Five future environmental science and conservation policy makers from Northern Arizona University’s School of Earth Sciences and Environmental Sustainability have jump-started their careers by earning fellowships and scholarships from two prestigious national programs.
“We are really excited for the students and for our program,” said Tom Sisk, professor and coordinator of the interdisciplinary graduate program. “The Doris Duke Conservation Fellows have put NAU on the map internationally, and that helps us attract a great bunch of scholars.”Cristina Gonzalez-Maddux, Rajani Maharjan and Spencer Plumb were awarded Doris Duke Charitable Foundation 2010 Conservation Fellowships—an honor that provides tuition funding, a paid internship and access to a network of collaborative opportunities with other researchers. As part of their fellowship, the students will travel to the National Conservation Training Center this fall for professional development training with other Conservation Fellows from around the nation.
The students are part of NAU’s graduate program in Environmental Sciences and Policy, a curriculum linking natural and social sciences.
“As a Doris Duke fellow, I am grateful to have not only the support of this exceptional foundation, but also the opportunity to forward the foundation’s mission through my graduate research,” Gonzalez-Maddux said.
Her thesis examines wind-blown transport of uranium and other toxic metals from abandoned uranium mine sites on the Navajo Nation. Gonzalez-Maddux plans to pursue a future in public policy analysis focusing on the impacts of mining and toxic exposure on vulnerable populations.
Maharjan’s thesis focuses on the effects of river diversion on the physical, chemical and biological aspects of the Verde River. “From this research I hope to gain better understanding of restoration and protection of our scarce water resources,” she said. After she completes her degree, Maharjan will return to Nepal, where she plans to continue her work in river conservation.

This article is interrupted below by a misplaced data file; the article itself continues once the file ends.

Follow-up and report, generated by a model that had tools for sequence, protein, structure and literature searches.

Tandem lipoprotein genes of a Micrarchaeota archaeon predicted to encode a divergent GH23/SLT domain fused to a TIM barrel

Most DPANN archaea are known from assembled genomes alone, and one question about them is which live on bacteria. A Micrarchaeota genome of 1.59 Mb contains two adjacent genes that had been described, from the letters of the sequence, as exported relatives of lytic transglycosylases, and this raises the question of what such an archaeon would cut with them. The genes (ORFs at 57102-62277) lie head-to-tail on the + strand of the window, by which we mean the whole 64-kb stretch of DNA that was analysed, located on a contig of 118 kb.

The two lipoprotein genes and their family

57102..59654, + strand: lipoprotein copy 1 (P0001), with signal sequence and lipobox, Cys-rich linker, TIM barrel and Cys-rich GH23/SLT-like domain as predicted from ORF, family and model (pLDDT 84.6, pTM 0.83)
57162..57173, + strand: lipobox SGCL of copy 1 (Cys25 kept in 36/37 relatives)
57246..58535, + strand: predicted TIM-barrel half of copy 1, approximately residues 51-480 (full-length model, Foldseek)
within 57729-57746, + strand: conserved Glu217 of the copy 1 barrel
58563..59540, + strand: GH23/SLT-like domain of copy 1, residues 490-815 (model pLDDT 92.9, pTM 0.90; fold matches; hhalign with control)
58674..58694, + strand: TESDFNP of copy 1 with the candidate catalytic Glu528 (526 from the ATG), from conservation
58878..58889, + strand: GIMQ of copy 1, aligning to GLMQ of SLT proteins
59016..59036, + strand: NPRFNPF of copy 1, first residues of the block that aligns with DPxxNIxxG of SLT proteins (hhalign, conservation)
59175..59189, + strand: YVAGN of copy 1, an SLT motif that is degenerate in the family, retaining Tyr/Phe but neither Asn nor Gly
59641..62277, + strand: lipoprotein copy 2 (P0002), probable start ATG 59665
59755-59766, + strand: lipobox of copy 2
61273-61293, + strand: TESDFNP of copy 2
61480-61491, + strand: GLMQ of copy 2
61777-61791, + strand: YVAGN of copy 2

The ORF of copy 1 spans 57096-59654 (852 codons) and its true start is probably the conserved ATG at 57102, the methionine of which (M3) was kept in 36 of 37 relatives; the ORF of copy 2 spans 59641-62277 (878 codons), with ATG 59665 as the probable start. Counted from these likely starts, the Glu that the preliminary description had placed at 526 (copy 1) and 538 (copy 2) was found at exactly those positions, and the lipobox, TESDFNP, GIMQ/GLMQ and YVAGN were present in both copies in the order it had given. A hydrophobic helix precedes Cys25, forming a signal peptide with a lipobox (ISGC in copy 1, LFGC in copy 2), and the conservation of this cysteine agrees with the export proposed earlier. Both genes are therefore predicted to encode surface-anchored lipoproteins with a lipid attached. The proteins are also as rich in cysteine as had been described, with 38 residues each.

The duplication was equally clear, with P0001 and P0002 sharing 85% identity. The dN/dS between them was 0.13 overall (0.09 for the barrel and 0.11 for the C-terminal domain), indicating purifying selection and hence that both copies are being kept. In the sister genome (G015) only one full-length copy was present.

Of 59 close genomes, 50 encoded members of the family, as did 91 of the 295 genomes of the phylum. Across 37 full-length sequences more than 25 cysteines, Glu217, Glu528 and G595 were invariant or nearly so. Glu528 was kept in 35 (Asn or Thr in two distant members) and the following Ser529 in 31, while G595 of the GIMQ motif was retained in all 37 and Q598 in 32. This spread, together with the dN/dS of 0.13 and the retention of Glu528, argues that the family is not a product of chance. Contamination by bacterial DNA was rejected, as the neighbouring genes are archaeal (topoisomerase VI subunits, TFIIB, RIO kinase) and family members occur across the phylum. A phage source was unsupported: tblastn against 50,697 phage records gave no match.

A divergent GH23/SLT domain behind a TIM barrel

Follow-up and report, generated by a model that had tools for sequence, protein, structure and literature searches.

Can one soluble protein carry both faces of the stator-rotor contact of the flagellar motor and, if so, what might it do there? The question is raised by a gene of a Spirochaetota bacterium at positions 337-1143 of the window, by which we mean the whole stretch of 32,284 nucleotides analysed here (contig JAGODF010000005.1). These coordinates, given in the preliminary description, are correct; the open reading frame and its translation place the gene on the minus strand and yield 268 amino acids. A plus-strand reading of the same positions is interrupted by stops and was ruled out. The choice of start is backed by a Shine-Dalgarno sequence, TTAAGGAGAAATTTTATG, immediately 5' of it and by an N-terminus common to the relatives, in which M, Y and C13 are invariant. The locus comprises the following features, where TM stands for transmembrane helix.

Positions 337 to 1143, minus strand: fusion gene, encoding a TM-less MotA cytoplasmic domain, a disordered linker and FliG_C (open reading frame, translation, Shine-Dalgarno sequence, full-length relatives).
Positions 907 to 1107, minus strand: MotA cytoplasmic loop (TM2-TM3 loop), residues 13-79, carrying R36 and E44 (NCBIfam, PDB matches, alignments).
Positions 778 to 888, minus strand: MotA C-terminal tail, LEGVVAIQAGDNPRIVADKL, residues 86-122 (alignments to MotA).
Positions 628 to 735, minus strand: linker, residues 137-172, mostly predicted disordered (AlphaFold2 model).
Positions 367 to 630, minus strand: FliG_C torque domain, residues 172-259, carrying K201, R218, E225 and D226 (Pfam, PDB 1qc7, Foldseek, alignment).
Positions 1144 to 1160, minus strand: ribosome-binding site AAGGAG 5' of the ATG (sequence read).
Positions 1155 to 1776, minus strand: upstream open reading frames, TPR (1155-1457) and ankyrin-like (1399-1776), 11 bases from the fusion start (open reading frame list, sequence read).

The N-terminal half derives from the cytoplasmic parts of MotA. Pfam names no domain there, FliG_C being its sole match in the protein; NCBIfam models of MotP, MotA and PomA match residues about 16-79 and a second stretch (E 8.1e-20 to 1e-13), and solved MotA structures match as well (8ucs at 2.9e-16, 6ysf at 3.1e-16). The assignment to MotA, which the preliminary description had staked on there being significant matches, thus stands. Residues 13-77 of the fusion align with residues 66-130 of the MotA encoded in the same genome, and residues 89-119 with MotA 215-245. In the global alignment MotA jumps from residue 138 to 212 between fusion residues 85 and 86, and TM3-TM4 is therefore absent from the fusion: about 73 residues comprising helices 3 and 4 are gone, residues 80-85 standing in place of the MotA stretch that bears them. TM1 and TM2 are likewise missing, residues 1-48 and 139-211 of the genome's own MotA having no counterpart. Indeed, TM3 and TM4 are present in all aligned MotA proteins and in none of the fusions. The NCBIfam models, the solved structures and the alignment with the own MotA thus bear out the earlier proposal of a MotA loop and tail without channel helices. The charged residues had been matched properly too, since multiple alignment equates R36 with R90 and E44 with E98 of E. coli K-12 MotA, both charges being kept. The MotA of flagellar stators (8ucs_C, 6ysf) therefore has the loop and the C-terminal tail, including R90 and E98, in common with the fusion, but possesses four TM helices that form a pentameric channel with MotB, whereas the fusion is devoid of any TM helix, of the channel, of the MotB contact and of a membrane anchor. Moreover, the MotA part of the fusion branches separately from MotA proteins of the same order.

Plumb’s work includes surveys in indigenous communities, collecting information about the role of forests and agricultural systems in subsistence living, and identifying drivers of deforestation that come from colonists moving into indigenous territory. “Thanks in part to funding from the Doris Duke Conservation Fellowship, I had the unique opportunity to work in the Rio Platano Biosphere Reserve of La Moskitia, Honduras, this past summer,” Plumb said. He intends to continue working to develop social standards and criteria necessary to engage local communities in all aspects of developing and implementing forest carbon and related conservation projects.
Environmental Sciences and Policy majors Cerissa Hoglander and Evan Reimondo are sharing the limelight with the other three for receiving the 2010 Wyss Scholars for Conservation of the American West award.
“The support of the Wyss Foundation allows me to gain great experience while working on fascinating—if complicated—conservation issues,” Reimondo said. “I hope to use this generous support and my Wyss experience to pursue a career in addressing the difficult and controversial issues of Western conservation.”The Wyss program provides scholarships for graduate students pursuing careers in land conservation and management in the Intermountain West. Hoglander and Reimondo each will receive about $30,000, including a $5,000 summer internship so they can continue their work throughout the year, and post-graduate payments to help them get a strong start in the professional world after graduation.
Reimondo is studying the ecological impacts and management implications of an introduced herd of bison on the Kaibab Plateau. Hoglander is researching developing landscape models of water and habitat use by desert bighorn sheep in the areas of the Yuma Proving Ground and the Kofa National Wildlife Refuge in southwestern Arizona.
“This scholarship supports and encourages my current and future efforts in conservation science and policy,” Hoglander said. “This will help me strengthen my science skills and apply lessons from my interdisciplinary education to real-world conservation challenges in Western lands. It’s certainly an honor.”
Hoglander and Reimondo completed summer internships as part of their work as Conservation Scholars. Reimondo worked with Grand Canyon National Park on research related to his thesis project, and Hoglander worked with the Arizona Game and Fish Department, assisting with research on the effects of ponderosa pine forest treatments on the habitat use by tassel-eared squirrels.